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TIM ANDRIOLA
TIMŌ
17624 Collins Ave
Sunny Isles, FL 33160
305-936-1008

Biography »

Interview:
Joy Johnson: Why did you start cooking? What or who inspired you to become a chef?
Tim Andriola: When I was 10 years old I was a dishwasher for my dad at his diner. I’d help out with tasks like toasting bread. When I was 14, I was a dishwasher for a local restaurant owned by a CIA graduate. He took me under his wing, and I moved up from prep, to salads, to the hot side. When I was a junior in high school I didn’t know what I wanted to do, and he suggested I go to school for culinary arts.

JJ: Who are your mentors?
TA: Ron Bucher of Ron’s Beach House, NH. Also Chef Allen in Miami, with whom I worked for 7 years. I started as a busser, and I would come in the mornings and volunteer to work with the chef de cuisine. After 2-3 months of volunteering, they moved me to the kitchen. At 24, I became his chef de cuisine.

JJ: What is your most indispensable kitchen tool? Why?
TA: The food mill- I use it for tomato sauce and gnocchi.

JJ: What cities do you like for culinary travel?
TA: San Francisco. People there are more aware of food and its connection to the land. There are so many ethnic influences. And it’s only 45 minutes from Napa.

JJ: What are your favorite food haunts in Miami?
TA: Yakosan, a local authentic Japanese restaurant off the beaten path.

JJ: What is your favorite spice? Why?
TA: I use peppercorn the most, and I also like cinnamon and garlic.

JJ: What is your favorite question to ask during an interview for a potential new line cook?
TA: Tell me something funny that’s happened to you in the kitchen. You need balance in the kitchen, and this tells me if they can poke fun at themselves and if they have a cool demeanor.

JJ: What advice/tip do you have for culinary students just getting started?
TA: Get an education and seek information. You can learn practical things in the kitchen, but there’s a lot more to learn, like being computer-literate and how to manage people. There’s psychology involved when dealing with people. It’s not just cooking.

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TIM ANDRIOLA
Timō | Sunny Isles, FL

Tim Andriola is a veteran of top restaurants like Chef Allen’s, Charlie Trotter’s, and Chez Panisse. When it came time to open his own restaurant, he looked no further than his own back yard in Sunny Isles. While Timō may be slightly off the beaten path, Andriola’s cooking draws a packed house seven nights a week. The menu reflects his love for the flavors, textures and accents of Italy and the Mediterranean. While Andriola is serious about his cooking, he’s also serious about having a sense of humor in the kitchen.


Marrow Risotto with Braised Short Ribs

Chef Tim Andriola of Timō- Sunny Isles, FL
Adapted by StarChefs

Yield: 2 Servings

Ingredients:

    Short ribs:
  • 2 (8-ounce) boneless short ribs
  • Salt and pepper
  • 2 carrots, chopped
  • 2 ribs celery, chopped
  • 1 large white onion, chopped
  • 6 cups red wine
  • 4 plum tomatoes
  • ¼ Tablespoon black peppercorns
  • 2 fresh bay leaves
  • ½ teaspoon thyme
  • 4 cups prepared veal stock
  • Dark poultry stock, as needed to cover
    Marrow butter:
  • 2 quarts milk, warmed to 140Fº
  • 12 center cut veal bones, cut to 2-inch lengths
  • 1 pound butter, softened
  • Salt to taste
    Risotto:
  • 2 ounces clarified butter
  • 2 ounces shallot, minced
  • 1 cup Arborio rice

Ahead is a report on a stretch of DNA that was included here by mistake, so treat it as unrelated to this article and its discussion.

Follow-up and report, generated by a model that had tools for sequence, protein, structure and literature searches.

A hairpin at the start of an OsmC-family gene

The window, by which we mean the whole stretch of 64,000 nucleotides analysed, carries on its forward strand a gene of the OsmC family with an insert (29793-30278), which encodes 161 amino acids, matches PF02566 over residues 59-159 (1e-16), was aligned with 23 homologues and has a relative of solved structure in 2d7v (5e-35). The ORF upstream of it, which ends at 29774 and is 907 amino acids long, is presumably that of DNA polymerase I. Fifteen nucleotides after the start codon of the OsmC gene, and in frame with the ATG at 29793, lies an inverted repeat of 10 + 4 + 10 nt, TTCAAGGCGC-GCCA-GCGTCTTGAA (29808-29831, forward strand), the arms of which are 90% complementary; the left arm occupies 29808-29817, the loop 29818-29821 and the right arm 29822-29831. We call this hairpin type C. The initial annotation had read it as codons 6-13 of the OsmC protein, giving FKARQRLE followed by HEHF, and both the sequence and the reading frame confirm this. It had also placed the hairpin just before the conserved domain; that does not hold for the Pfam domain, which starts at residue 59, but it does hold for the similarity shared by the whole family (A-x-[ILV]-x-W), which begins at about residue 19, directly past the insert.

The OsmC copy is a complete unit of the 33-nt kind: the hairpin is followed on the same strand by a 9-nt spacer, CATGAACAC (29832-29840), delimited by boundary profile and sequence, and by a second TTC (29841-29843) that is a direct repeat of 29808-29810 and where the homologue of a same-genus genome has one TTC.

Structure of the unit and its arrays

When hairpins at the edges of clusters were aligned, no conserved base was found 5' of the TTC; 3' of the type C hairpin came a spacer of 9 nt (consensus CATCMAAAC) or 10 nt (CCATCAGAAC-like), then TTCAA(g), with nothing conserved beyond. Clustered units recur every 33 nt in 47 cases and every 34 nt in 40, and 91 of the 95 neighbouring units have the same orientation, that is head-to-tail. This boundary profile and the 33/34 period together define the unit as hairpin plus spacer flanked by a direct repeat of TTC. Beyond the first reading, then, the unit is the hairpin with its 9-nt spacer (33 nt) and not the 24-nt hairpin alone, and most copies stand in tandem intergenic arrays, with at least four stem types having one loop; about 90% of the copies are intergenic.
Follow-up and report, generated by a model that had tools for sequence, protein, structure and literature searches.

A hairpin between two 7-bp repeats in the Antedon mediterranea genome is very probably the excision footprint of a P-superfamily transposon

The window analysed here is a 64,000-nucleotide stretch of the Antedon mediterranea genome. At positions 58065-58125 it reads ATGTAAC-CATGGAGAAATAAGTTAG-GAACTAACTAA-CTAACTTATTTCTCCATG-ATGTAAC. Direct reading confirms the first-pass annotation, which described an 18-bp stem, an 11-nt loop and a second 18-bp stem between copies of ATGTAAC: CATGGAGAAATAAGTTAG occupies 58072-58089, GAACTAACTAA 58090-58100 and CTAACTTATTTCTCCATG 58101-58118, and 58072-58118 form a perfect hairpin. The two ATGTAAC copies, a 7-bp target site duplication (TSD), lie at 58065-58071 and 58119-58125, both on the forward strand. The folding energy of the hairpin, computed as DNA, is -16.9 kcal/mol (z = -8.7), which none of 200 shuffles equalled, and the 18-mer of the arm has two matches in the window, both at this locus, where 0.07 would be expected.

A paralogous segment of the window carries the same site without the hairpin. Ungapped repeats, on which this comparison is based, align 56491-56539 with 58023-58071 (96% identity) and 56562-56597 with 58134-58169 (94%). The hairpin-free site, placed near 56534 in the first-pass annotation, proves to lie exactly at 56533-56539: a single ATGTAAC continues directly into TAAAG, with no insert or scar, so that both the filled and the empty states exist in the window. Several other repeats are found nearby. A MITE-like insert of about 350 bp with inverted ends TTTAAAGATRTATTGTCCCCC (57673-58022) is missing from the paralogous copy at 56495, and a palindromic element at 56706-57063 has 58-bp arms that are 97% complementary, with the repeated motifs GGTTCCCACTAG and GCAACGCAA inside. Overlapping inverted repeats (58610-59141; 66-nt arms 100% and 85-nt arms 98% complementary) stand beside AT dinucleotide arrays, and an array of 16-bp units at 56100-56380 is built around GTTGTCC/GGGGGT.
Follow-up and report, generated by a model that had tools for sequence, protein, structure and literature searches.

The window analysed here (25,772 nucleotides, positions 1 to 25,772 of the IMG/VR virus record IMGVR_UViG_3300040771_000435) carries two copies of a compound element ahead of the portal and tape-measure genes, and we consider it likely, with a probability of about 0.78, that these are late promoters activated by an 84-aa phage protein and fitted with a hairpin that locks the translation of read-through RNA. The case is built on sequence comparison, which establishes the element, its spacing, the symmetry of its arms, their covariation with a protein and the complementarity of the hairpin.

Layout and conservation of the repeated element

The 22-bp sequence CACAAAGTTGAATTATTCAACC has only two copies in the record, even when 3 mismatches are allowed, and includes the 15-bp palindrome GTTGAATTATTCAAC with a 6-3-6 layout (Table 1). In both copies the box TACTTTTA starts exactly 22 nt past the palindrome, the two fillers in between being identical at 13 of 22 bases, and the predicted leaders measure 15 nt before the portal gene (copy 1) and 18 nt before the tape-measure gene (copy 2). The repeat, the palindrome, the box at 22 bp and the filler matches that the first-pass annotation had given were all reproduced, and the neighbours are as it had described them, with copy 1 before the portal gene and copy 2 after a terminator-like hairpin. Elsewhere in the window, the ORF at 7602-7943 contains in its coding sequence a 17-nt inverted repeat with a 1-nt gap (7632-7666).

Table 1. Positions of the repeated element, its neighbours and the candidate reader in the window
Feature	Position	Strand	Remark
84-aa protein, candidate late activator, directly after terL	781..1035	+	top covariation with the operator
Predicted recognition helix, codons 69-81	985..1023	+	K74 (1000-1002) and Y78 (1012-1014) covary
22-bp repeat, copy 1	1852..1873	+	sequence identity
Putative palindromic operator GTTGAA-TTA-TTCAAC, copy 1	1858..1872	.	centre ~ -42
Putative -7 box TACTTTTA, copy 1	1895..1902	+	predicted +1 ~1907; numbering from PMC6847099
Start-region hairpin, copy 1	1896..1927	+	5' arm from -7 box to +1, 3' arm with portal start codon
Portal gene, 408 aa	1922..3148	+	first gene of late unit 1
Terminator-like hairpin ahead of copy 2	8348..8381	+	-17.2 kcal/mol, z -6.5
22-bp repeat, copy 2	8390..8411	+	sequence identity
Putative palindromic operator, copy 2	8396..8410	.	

• 2-3 cups chicken broth
  • 2-3 Tablespoons grated Parmesan cheese
  • 2-3 Tablespoons marrow butter
  • Salt to taste
Method:
For short ribs:
Preheat oven to 350ºF. Season short ribs with salt and pepper, and sear on medium-high heat until golden brown in a sauté pan. Remove ribs, and in the same pan, brown carrots, celery and onion. Deglaze pan with red wine. Add tomatoes, peppercorns, bay leaves, thyme, and veal stock. Return short ribs to liquid, adding dark poultry stock as needed to cover the meat. Bring liquid to a simmer and then place pan in oven for approximately 1½ hours, or until ribs are very tender to the touch. Remove ribs from liquid, keeping them warm until ready to serve. Strain liquid through a fine mesh sieve, and reduce it to a sauce-like consistency in a saucepan.

For marrow butter:
Soak veal bones for 20 minutes in warm milk (140Fº). Pierce out marrow with long skewer or other thin long object. Place marrow in food processor with butter and a pinch of salt. Puree until smooth. Use plastic wrap to roll marrow butter into 1½-inch diameter logs. Refrigerate.

For risotto:
Melt clarified butter in a medium pot, and lightly sweat shalllots. Add rice to the pot. Pour in a scant cup of chicken broth at a time, stirring constantly until liquid is absorbed before adding more broth. When the last addition of broth is almost absorbed and rice is cooked to al dente, add Parmesan and 2-3 Tablespoons marrow butter. Season to taste with salt and pepper.

To serve:
Divide risotto on two warm plates. Place short ribs on top of each risotto pile. Drizzle sauce over ribs and serve immediately.

Interview Cont'd

JJ: What is your most memorable food memory?
TA: My first time making family meal at the restaurant in Italy, I grabbed a little of everything. I cooked everything properly, but I used so many ingredients compared to their simplistic cooking. They made fun of me and called it pasta Americana. This really shaped my career, learning the value of simplicity.

JJ: What are your favorite cookbooks?
TA: Michael Chiarello's Casual Cooking and Mario Batali’s Babbo Cookbook.

JJ: Where do you see yourself in 5 years? In 10 years?
TA: Continuing on the same path with my partner towards opening more restaurants with different concepts. We are looking for another location now.



   Published: October 2004
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